Numeracy includes comprehending, interpreting and drawing on mathematical skills, knowledge and language and general thinking and learning skills and processes such as analysis, justification, generalisation, making and testing conjectures and evaluation. It involves having the confidence to know what to use, when to use it and when to access other resources.
A broad mathematics curriculum provides opportunities for students to develop skills, knowledge and understanding of the content and processes of mathematics. It supports them to have confidence and awareness of ways in which they can apply this knowledge, skill and understanding in mathematics, other learning areas and in their lives.
Teachers use the Australian Mathematics Curriculum to plan learning programs to enable students to understand the key concepts described at each year level. Teachers structure a range of experiences in various contexts for students to build a thorough understanding of important mathematical concepts of number, algebra, measurement, geometry, statistics and probability.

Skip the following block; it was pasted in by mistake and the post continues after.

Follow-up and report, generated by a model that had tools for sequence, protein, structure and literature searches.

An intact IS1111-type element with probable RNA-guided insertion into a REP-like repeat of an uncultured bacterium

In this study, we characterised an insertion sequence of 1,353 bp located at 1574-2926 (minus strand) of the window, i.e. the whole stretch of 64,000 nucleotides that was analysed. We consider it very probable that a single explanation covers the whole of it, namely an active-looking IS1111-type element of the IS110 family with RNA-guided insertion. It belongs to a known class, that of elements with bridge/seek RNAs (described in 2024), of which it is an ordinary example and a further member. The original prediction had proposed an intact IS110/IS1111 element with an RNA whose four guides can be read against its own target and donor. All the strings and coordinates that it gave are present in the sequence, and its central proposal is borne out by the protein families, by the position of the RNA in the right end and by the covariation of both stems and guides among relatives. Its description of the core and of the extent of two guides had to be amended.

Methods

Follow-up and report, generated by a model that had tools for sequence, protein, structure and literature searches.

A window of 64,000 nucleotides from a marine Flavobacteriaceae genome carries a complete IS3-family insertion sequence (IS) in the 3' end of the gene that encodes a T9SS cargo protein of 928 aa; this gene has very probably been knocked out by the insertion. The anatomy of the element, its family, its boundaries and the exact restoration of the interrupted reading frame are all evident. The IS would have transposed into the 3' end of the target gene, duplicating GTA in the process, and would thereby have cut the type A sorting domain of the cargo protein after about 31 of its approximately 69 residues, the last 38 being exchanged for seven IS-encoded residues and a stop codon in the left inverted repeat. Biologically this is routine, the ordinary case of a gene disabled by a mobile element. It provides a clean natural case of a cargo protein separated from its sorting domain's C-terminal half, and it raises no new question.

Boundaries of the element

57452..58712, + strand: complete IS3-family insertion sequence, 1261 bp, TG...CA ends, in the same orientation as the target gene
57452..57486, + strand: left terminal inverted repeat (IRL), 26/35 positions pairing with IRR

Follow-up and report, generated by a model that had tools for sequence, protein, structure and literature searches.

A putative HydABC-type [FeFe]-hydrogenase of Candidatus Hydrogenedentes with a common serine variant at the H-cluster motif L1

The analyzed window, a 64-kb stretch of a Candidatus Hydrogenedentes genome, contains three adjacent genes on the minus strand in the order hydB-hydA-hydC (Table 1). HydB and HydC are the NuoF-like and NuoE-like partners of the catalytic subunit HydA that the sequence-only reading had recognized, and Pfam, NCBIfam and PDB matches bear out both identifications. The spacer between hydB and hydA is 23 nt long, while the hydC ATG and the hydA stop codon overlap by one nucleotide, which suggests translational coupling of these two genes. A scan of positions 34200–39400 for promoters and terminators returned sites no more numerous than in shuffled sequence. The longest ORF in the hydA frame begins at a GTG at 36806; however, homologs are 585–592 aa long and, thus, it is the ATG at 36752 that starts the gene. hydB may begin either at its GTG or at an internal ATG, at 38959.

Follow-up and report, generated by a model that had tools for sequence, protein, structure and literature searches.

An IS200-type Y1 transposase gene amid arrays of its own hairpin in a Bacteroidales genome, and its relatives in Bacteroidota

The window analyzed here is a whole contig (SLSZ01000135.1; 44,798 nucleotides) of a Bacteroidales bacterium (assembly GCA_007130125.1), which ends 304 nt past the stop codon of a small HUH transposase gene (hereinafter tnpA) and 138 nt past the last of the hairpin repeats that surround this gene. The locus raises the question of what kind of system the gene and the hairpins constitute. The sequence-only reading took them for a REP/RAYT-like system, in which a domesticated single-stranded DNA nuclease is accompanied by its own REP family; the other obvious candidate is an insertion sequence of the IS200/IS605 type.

Everyday life is full of opportunities to help your child learn about maths. We use maths many times each day, often without knowing it. Make your daily routines – like cooking, fixing and gardening – a chance for your child to learn maths. The more your child joins in, the more maths will make sense.
It is important to praise your child while they are learning maths. Even if they make a mistake they are having a go and that is good. Children may lose confidence if they struggle with maths. Remind them that other things like skipping, bike riding and playing games also need to be practised a lot. Once we are good at something, we enjoy it much more. If your child doesn’t know the answer, allow a little time to work it out. Give hints and clues. Encourage attempts.